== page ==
#2 Summer 2014

Q&A Inside the mind of the social innovator

Francois Petousis

MPhil student Francois Petousis, founder of Lumkani, is one of a new guard of social innovators who are inspired to use their energy and ingenuity to create social value.

BR: In 2013, Lumkani (previously Khusela) won the People’s Choice Award at the Global Social Venture Competition (GSVC), held each year at the University of California, Berkeley. More recently you came second in two separate categories at South Africa’s innovation summit, and received an award to go on a South African trade delegation to Japan. You’ve also reached the finals of the Seedstars World competition taking place in Switzerland early next year, and the finals of the Global Innovation through Science and Technology (GIST) competition. Tell us a bit more about Lumkani and why it is turning heads around the world.

FP: Lumkani is a proactive, early-warning, fire detection system designed for shack-dwellers worldwide. It is a network of individual lowcost fire detectors within communities, which, when triggered, alert whole communities to the event of a fire, so that they can take swift action to either stop the fire or escape with families and possessions intact. It is practical and scalable and we have a strong plan to do so. The social impact scales as the business does, so there is a significant market that we have great opportunity to serve. When you consider how many people there are in the world who live in slums (over 1 billion) where fire risk is a daily anxiety – you get a sense of the potential of this device. The impact of shack fires has an adverse effect on economies and is a development challenge that needs to be addressed.

BR: Do you think that social innovation is gaining momentum in the world as a way to solve wicked problems?

FP: There is no doubt that the scale and complexity of the problems we face in the world today demand more and more from us. Social innovation, which by its nature is collaborative and creative and looks at challenges with fresh eyes, is definitely born out of this. At the GSVC event there was definitely a sense in the room of a shift in the world – that all these people were devoting their lives to discovering how we can create a world where you get paid to do ‘good’, where business can function to support that which really matters and makes a difference to humans. It was inspiring to know that this was the focus of people from across the globe. The room was far from what traditionally is the mood of a competition. The ethos was of support and collaboration, because at the core, everyone was there to serve a bigger purpose than their own.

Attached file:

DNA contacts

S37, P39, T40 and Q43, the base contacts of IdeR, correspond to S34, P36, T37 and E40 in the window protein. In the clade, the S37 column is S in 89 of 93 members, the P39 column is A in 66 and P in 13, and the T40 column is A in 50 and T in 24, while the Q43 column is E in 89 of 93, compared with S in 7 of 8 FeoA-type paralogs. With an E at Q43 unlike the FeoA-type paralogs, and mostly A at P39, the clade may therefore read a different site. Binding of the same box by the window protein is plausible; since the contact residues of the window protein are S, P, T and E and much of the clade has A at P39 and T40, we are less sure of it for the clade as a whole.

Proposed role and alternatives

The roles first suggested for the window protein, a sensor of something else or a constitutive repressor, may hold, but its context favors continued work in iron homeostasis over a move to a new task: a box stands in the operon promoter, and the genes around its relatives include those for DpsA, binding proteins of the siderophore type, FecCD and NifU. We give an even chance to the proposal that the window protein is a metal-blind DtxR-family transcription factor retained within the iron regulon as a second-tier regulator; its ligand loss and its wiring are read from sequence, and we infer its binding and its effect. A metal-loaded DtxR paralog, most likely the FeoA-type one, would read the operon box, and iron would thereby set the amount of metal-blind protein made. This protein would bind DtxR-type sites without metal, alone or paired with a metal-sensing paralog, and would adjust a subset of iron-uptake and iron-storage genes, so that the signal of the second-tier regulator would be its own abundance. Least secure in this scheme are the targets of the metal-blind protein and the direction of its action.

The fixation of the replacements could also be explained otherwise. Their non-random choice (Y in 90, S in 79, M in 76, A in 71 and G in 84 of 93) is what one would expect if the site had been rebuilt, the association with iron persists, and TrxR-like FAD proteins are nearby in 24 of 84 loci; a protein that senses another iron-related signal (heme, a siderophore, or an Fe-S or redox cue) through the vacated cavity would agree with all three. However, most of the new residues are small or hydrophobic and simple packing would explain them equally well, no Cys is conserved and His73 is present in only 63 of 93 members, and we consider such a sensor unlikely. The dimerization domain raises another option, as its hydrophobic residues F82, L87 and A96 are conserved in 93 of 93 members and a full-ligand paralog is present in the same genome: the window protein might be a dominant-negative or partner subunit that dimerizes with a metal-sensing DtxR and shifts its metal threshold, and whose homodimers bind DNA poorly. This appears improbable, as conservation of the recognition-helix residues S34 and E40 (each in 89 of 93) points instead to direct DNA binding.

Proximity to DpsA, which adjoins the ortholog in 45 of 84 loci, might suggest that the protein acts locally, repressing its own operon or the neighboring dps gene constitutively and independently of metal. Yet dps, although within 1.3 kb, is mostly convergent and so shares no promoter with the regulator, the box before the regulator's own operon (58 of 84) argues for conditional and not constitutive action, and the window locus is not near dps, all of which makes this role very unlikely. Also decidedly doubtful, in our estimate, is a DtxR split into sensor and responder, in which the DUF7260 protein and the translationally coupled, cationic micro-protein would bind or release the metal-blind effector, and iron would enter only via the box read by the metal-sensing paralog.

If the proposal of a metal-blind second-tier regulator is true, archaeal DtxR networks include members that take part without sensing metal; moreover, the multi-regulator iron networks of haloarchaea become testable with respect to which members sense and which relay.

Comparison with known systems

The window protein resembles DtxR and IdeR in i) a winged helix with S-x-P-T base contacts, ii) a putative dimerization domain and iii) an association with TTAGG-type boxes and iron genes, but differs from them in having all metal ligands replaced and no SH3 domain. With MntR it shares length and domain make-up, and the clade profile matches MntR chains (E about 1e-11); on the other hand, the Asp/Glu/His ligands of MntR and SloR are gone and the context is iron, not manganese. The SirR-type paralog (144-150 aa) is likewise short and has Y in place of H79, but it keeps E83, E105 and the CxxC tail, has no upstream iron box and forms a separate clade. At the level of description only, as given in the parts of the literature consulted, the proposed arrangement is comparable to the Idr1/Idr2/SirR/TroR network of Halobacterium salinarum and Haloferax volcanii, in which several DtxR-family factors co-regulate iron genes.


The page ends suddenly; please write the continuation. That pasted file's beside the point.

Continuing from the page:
BR: Where did the idea come from?

FP: Lumkani, which means ‘be cautious’, was initially the topic of my engineering thesis at UCT to develop a low-cost fire detector that I developed with Samuel Ginsberg, who today is the main designer of our technology. The project grew further when social change agent, Emily Vining joined the team. During my MPhil at the UCT GSB I realised that the idea had the potential to be a social venture that generated profits to sustain itself, not an NGO that would be dependent on funding and that that was in fact the way to really grow the organisation to reach meaningful numbers of people. We started working with an exciting mix of people to build a strong base for our social business including economist, David Gluckman, product developer, Max Basler, and engineer and strategic thinker, Paul Mesarcik. None of what we’ve developed so far would have arisen without this fantastic team of committed people. When we came together was when everything really started to expand. Our best ideas came through conversation.

BR: What advice do you have to give to aspiring social entrepreneurs?

FP: You’ve got to get out into the world and play. Try things out. Engage with the people and the world you want to impact. You’ll learn the most and it’ll give you the personal connection you need to be inspired in your work. With that connection will come the deep care and values that need to be clear in any growing social enterprise. The other big one for me has been to share what you’re up to with the world, with all the people around you. Everything and everyone that we need to make something come to life, is out there. We just need to ask. When the right people are on board, things grow fast and with such depth… and of course it’s far more enjoyable working together. Oh, and dream big.

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